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I teach political science courses at Houston Baptist University in addition to my work as an administrator for the school. I also occasionally speak to young people in other venues. Something that I see now, which was nearly non-existent when I first gained teaching responsibilities as a grad student years ago, is the backside of a bunch of laptops facing me while I lecture.
Speaking to a colleague in the education department, I expressed my concern that students are too distracted by technology to pay attention and learn. She assured me these young people have different brains and can handle the multi-tasking.
I’m not so sure. I imagine that while I’m lecturing the students are partly listening and are dedicating the rest of their attention to online chat, email, facebook, fantasy football, and wedding planning. There may be some evolution of neural pathways, but I find it hard to believe there is any substitute for actually reading material, listening carefully to a lecture, asking questions, and discussing the subject matter without any other distractions.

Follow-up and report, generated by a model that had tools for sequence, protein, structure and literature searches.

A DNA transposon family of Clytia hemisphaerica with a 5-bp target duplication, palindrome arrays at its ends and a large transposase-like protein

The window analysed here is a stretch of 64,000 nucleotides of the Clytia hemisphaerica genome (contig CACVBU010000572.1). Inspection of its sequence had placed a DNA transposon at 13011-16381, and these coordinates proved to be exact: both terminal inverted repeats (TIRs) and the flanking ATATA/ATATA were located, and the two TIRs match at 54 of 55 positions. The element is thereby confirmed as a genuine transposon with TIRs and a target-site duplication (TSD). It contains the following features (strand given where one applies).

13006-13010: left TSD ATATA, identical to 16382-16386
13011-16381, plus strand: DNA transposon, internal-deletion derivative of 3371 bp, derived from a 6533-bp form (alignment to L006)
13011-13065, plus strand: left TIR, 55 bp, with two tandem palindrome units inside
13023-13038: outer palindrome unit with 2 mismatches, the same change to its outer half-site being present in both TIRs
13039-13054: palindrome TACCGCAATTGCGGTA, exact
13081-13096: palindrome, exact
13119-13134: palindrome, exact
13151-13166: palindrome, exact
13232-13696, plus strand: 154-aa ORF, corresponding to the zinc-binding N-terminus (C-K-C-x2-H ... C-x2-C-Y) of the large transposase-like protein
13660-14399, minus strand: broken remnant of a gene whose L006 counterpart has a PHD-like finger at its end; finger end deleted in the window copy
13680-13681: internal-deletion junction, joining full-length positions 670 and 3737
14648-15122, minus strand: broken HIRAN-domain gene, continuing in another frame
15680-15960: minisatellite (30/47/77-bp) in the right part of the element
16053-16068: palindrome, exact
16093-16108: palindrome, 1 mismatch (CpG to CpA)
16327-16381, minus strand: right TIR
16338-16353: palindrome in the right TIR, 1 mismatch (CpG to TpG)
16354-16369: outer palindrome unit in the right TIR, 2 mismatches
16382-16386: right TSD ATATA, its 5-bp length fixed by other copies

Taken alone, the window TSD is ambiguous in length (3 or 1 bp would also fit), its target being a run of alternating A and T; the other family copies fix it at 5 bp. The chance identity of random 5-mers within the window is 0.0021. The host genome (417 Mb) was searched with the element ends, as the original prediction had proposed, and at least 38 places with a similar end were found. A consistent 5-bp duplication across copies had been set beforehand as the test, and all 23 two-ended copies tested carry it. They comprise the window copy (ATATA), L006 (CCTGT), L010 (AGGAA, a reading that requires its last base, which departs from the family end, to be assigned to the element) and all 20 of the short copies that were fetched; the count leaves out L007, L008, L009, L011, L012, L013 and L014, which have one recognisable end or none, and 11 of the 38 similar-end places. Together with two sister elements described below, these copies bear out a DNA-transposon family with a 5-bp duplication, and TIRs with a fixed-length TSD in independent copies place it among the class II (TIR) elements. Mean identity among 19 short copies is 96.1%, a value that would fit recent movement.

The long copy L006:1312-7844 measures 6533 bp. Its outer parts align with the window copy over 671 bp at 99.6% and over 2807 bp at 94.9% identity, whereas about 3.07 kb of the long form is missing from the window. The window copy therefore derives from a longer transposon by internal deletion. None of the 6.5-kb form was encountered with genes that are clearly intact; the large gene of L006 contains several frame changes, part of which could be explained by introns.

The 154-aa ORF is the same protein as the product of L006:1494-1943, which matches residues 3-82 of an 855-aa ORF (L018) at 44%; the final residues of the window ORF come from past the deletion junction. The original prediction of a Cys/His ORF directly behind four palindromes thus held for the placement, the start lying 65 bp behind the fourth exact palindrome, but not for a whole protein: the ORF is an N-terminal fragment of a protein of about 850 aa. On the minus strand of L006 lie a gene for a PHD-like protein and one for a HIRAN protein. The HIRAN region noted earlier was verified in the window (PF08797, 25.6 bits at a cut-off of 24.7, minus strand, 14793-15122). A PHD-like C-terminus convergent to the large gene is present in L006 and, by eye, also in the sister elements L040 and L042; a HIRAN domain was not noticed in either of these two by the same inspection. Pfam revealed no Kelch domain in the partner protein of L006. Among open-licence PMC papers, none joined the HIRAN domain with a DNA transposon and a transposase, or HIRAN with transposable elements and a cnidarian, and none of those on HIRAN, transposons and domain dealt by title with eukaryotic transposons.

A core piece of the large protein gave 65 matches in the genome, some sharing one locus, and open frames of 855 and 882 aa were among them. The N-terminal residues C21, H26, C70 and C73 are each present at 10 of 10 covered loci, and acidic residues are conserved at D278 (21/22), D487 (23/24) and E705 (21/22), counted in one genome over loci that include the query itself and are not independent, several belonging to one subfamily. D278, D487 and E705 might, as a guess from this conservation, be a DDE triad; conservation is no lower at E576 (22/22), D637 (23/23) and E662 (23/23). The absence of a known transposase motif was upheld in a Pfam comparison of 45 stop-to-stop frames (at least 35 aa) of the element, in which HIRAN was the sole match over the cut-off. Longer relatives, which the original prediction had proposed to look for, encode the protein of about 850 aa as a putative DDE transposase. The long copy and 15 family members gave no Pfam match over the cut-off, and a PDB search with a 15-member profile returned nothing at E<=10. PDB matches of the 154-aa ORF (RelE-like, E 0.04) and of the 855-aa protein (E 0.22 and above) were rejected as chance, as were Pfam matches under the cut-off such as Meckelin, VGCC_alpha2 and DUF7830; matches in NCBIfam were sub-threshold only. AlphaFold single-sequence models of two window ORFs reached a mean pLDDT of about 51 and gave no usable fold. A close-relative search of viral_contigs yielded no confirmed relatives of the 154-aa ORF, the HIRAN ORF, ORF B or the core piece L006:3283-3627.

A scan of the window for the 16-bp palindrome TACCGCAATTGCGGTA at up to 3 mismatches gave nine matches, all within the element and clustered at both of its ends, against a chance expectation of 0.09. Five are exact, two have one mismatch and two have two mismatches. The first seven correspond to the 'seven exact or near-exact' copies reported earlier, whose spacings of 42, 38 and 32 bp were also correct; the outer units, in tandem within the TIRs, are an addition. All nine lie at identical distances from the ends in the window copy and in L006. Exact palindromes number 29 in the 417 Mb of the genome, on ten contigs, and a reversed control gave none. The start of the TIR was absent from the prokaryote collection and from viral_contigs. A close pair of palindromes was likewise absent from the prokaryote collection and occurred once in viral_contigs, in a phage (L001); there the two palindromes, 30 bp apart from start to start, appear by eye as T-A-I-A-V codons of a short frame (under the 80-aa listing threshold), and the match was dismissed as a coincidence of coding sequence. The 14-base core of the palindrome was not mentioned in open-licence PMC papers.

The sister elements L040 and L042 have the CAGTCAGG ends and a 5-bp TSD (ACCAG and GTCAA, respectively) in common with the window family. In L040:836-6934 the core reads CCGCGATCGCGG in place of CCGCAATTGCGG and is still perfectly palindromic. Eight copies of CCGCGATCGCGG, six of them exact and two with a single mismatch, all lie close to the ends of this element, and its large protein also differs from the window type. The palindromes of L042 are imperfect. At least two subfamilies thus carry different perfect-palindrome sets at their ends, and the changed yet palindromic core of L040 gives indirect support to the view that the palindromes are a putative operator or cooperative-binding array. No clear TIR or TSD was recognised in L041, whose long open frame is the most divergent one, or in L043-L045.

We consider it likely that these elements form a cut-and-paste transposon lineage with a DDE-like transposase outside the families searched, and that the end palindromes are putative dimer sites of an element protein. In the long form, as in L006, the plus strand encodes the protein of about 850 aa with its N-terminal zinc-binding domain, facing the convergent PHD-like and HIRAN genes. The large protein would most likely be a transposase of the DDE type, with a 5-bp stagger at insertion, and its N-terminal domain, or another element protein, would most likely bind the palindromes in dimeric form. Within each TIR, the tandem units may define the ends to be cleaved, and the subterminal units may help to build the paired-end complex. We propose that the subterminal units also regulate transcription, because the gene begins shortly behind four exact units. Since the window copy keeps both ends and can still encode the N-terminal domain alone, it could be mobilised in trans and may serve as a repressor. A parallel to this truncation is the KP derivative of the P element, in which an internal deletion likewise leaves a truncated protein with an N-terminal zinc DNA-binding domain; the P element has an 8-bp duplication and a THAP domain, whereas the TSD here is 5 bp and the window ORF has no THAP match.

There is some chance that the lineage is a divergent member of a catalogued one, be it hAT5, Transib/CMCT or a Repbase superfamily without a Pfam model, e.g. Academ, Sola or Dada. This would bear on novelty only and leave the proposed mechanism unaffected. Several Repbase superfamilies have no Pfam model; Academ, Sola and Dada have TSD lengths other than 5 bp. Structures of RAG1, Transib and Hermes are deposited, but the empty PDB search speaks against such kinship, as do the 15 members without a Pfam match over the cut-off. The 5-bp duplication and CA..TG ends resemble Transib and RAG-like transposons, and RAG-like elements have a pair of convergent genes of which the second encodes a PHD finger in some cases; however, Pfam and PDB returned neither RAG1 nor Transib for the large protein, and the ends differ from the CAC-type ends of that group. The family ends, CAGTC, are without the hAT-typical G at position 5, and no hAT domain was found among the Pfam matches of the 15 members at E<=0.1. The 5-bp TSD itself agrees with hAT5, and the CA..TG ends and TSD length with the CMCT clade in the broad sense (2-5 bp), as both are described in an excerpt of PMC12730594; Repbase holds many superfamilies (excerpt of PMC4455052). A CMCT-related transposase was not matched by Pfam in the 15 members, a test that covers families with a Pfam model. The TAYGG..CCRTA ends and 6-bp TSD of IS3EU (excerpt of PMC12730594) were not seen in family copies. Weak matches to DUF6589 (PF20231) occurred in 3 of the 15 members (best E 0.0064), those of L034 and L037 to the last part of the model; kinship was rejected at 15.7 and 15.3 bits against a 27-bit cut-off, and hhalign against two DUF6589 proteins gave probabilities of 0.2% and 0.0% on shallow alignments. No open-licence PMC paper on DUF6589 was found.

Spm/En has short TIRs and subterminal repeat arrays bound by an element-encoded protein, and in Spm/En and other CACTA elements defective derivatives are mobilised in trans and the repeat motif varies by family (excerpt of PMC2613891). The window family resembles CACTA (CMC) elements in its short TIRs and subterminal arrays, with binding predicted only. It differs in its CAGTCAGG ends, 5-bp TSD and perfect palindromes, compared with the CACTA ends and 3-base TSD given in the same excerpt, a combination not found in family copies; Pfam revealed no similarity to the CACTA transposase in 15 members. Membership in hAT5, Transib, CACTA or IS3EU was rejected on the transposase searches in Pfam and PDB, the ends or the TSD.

And forget the immediate question of education in the classroom. Are these the kind of people who can pay sustained attention to public policy debates so they can participate meaningfully in the democratic process?
When I send my son (now 6 and pretty tech savvy) off to school, I may be looking for one that bucks the trend by promising me that he WON’T have a laptop in class.
A man of faith in a godless age is hitting Americans where it hurts.
Mr. and Mrs. American Spectator Reader, let P.J. O’Rourke talk sense to your kids.
In Britain, defending your property can get you life.
It won’t take long for conservatives to scratch this presidential wannabe off their 2008 scorecard.
Was the President done in by the economy, or by the politics of the economy?